Drowning is Leading Cause of Death of Children with Autism

Drowning is a serious risk for children with autism. Indeed, according to the U.S. Centers for Disease Control and Prevention, drowning is the leading cause of death for children with autism. According to several studies, children with autism are 160 times more likely to drown than their peers without autism.

There are a number of specific factors that need to be borne in mind when it comes to the incidence of drowning accidents involving children diagnosed with autism:

  • Children on the autism spectrum are more significantly drawn to water.
  • Many children with autism have communication difficulties
  • Many children with autism are less aware of their surroundings
  • Autism can impact a child’s ability to swim
  • Drowning rate for children with autism is highest between ages five and seven
  • Boys with autism are at a higher risk of drowning
  • Swimming lessons are beneficial to children with autism
  • Supervision is key to protecting children with autism

Children with Autism are More Significantly Drawn to Water

Children with autism often have a particular affinity for water. They may be more drawn to water than children not diagnosed with autism. Children with autism may be attracted to water not just because of the sensory experience, but also because it can be a source of calmness and relaxation.

Many Children with Autism have Communication Difficulties

Communication can be challenging for children with autism, which can make it more difficult for parents and caregivers to recognize when the child is in distress or needs help. This can be especially dangerous when the child is around water. For instance, a child with autism may not be able to call for help when they are struggling to stay afloat.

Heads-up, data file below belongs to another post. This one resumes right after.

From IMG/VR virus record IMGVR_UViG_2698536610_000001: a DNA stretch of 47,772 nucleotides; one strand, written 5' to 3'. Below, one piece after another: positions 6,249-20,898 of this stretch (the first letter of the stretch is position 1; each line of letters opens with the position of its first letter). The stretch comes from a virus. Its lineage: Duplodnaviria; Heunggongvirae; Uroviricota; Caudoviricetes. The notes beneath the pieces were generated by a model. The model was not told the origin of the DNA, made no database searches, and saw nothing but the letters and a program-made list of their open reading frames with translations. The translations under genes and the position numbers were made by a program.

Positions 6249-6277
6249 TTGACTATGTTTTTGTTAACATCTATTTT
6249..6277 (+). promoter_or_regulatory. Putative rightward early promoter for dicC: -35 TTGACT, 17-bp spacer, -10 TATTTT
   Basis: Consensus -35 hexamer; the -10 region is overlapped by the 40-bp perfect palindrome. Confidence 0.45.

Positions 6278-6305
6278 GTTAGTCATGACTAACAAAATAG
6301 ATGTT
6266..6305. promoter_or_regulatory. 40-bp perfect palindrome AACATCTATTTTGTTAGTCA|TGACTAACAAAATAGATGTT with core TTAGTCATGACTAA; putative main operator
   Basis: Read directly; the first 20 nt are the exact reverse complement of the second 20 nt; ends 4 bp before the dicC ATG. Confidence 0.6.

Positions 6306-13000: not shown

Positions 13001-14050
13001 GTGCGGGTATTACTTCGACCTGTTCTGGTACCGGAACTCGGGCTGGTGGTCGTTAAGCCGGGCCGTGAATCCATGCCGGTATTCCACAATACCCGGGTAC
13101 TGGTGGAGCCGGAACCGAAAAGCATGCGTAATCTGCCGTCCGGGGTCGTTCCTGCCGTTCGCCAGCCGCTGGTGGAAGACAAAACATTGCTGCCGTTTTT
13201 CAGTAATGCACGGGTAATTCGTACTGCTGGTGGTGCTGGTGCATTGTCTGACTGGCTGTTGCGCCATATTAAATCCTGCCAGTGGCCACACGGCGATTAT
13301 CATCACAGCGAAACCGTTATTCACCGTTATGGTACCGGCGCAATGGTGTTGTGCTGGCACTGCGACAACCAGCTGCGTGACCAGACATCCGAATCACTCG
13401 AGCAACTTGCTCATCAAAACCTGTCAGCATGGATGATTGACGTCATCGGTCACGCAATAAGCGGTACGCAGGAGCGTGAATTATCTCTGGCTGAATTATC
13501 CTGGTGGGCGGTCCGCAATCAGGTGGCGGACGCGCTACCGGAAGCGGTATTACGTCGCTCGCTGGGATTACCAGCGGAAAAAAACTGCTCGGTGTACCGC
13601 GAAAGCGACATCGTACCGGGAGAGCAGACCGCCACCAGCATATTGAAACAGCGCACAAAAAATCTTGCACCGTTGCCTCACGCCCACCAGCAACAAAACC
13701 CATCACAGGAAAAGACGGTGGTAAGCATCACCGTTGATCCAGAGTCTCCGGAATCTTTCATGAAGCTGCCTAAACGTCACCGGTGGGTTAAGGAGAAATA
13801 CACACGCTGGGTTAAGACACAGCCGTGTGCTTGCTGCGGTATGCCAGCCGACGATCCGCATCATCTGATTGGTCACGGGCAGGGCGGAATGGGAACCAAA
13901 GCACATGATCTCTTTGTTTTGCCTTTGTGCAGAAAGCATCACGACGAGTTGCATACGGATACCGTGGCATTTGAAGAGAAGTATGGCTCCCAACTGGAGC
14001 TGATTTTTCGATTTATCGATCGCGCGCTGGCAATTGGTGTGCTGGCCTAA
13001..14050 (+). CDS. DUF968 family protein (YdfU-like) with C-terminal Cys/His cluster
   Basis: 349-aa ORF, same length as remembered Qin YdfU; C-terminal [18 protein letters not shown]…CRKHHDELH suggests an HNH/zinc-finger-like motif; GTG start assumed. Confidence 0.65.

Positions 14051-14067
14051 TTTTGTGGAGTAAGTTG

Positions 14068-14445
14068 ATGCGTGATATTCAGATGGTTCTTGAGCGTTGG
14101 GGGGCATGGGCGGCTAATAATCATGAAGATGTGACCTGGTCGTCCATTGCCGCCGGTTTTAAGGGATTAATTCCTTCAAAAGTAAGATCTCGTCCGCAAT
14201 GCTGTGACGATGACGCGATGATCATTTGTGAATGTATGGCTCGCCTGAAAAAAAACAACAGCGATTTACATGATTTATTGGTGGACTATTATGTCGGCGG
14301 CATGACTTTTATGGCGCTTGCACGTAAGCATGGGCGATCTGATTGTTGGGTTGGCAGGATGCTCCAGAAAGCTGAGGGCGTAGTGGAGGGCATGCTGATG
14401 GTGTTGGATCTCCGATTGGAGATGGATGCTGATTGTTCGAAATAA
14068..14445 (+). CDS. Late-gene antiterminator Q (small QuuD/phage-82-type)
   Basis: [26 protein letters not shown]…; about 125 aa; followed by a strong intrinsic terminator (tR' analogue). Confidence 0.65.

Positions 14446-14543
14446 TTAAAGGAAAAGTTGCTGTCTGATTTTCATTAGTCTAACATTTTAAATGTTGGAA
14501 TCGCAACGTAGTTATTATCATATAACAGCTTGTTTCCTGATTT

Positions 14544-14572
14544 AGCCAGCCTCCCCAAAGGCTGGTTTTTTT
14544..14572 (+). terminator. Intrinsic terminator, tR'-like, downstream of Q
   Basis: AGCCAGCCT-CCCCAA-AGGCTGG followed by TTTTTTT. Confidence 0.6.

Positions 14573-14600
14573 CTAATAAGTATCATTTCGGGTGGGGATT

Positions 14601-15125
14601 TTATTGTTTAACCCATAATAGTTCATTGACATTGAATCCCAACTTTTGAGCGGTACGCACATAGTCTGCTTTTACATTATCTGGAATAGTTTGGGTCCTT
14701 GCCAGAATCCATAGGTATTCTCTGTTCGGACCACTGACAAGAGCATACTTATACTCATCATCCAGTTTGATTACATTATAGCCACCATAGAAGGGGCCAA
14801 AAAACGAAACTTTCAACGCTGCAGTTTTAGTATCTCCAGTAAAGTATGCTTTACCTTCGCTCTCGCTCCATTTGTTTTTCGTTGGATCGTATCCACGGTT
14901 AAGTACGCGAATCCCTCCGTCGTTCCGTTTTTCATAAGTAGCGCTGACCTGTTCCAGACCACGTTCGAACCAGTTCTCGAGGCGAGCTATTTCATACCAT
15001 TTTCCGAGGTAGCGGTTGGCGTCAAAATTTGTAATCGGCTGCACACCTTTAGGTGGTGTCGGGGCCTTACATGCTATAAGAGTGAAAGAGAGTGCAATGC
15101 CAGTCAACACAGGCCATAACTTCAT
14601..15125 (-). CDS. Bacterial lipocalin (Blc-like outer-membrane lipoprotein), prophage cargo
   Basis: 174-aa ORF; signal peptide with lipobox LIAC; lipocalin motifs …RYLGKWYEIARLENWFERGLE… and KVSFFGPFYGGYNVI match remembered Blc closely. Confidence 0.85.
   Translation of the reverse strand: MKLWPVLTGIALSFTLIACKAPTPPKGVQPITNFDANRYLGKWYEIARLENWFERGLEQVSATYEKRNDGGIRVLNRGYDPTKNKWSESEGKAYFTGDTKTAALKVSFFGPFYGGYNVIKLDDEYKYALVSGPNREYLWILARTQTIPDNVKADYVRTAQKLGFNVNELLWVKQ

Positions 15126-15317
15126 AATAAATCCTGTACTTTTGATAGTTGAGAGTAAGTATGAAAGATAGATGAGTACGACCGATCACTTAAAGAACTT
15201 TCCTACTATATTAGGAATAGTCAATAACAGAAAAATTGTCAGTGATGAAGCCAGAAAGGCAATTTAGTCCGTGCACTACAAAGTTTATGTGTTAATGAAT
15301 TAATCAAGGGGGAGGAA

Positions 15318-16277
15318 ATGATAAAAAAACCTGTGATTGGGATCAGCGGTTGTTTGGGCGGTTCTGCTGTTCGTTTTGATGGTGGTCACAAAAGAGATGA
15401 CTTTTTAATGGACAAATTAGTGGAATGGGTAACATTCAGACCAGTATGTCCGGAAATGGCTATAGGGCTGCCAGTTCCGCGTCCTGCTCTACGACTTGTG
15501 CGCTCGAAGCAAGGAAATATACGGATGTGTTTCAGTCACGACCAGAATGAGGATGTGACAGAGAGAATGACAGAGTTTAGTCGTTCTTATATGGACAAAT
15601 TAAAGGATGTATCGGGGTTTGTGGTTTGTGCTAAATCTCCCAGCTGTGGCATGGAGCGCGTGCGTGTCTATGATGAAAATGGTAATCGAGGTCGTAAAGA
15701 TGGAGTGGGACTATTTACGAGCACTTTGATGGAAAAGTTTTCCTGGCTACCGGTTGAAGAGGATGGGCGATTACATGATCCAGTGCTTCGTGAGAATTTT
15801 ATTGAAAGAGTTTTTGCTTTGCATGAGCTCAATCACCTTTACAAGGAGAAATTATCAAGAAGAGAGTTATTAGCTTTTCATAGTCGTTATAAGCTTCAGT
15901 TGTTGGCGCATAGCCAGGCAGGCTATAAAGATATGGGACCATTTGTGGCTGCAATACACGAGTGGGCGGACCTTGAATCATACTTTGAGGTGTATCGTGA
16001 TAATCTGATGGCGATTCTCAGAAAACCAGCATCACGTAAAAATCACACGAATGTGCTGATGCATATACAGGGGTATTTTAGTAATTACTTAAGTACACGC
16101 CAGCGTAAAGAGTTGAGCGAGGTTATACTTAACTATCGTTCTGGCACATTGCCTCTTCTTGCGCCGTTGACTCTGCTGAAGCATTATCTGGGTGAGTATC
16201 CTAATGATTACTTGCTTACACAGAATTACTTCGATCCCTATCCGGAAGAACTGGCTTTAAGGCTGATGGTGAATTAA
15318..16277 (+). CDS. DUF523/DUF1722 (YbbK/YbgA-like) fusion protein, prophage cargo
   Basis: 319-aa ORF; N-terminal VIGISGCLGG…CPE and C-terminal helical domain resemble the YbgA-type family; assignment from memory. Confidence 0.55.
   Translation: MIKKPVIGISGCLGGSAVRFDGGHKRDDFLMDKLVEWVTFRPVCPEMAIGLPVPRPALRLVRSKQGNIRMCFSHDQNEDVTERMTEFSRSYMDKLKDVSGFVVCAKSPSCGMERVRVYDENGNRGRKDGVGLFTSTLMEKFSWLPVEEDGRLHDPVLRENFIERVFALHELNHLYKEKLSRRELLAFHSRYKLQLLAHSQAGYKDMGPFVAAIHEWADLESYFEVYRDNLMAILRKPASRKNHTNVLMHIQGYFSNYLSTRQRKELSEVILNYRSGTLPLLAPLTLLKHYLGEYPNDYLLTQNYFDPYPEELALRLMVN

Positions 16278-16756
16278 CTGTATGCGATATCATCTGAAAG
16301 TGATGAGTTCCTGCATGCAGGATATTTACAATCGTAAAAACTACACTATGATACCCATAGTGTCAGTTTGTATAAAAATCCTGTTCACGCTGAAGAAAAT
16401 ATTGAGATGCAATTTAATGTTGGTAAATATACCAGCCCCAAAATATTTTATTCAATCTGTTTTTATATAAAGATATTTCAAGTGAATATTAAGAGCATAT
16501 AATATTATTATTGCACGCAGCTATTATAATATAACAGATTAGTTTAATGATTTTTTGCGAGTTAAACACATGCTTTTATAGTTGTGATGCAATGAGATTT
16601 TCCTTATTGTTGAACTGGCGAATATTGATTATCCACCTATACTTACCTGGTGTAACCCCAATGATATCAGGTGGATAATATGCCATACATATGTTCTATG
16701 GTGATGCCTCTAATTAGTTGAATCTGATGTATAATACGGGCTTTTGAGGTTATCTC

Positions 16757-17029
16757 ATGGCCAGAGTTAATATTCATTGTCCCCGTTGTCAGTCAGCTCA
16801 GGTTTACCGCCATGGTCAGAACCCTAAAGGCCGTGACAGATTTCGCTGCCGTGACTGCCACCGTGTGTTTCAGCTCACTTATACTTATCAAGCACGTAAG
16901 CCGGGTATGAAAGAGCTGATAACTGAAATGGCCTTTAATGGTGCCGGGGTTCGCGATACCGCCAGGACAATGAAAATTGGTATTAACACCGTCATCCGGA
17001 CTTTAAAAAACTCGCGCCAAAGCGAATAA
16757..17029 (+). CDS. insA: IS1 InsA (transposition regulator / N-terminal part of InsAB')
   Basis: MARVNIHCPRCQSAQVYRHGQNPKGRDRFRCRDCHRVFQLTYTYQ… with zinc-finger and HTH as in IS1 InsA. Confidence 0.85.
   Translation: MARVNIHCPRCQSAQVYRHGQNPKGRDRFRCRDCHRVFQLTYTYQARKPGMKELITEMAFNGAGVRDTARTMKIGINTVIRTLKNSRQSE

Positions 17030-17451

Children with Autism May be Less Aware of Their Surroundings

Children with autism may be less aware of their surroundings, including the dangers associated with water. They may not recognize the depth of the water or understand the risks of jumping or diving. They may also not understand that water can be dangerous and that they should not enter it without supervision.

Autism can Impact a Child's Ability to Swim

Some children with autism may have difficulty learning to swim due to sensory issues or difficulty with motor skills. This can further increase their risk of drowning, as they may not have the skills needed to stay afloat and avoid danger. However, some children with autism may also excel in swimming because of their affinity for water.

Drowning Risk is Highest in Children with Autism Between the Ages of 5 and 7

Children with autism are at the highest risk of drowning between the ages of 5 and 7. This is an important age range for parents and caregivers to be especially vigilant about water safety. Children at this age may be more curious, less fearful, and more likely to engage in dangerous water activities.

Boys with Autism are at Higher Risk of Drowning

Boys with autism are at a higher risk of drowning than girls with autism. This is likely due to a combination of factors, including the increased likelihood of boys engaging in risky behaviors around water. Boys may also be more likely to be drawn to water than girls.

Swimming Lessons can be Beneficial for Children with Autism

Swimming lessons can be highly beneficial for children with autism. Not only can they help improve the child's swimming skills, but they can also increase their confidence in the water, which can help reduce the risk of drowning. Swimming lessons can also provide a structured environment for children with autism to learn social skills and engage in physical activity.

Supervision is Key to Protecting Children with Autism

Perhaps the most important thing parents and caregivers can do to prevent drowning in children with autism is to provide close supervision when the child is around water. This means never leaving the child alone near water, and being highly vigilant even when the child is in a swimming pool or other controlled environment. Parents and caregivers should also consider using safety equipment such as life jackets and pool alarms.

If you have a child with autism who has been injured or killed in a drowning accident caused by the negligence of someone else, The Doan Law Firm is here for you. You can schedule an initial consultation with our firm by calling (800) 349-0000. The Doan Law Firm will never charge an attorney fee unless we win your case for you.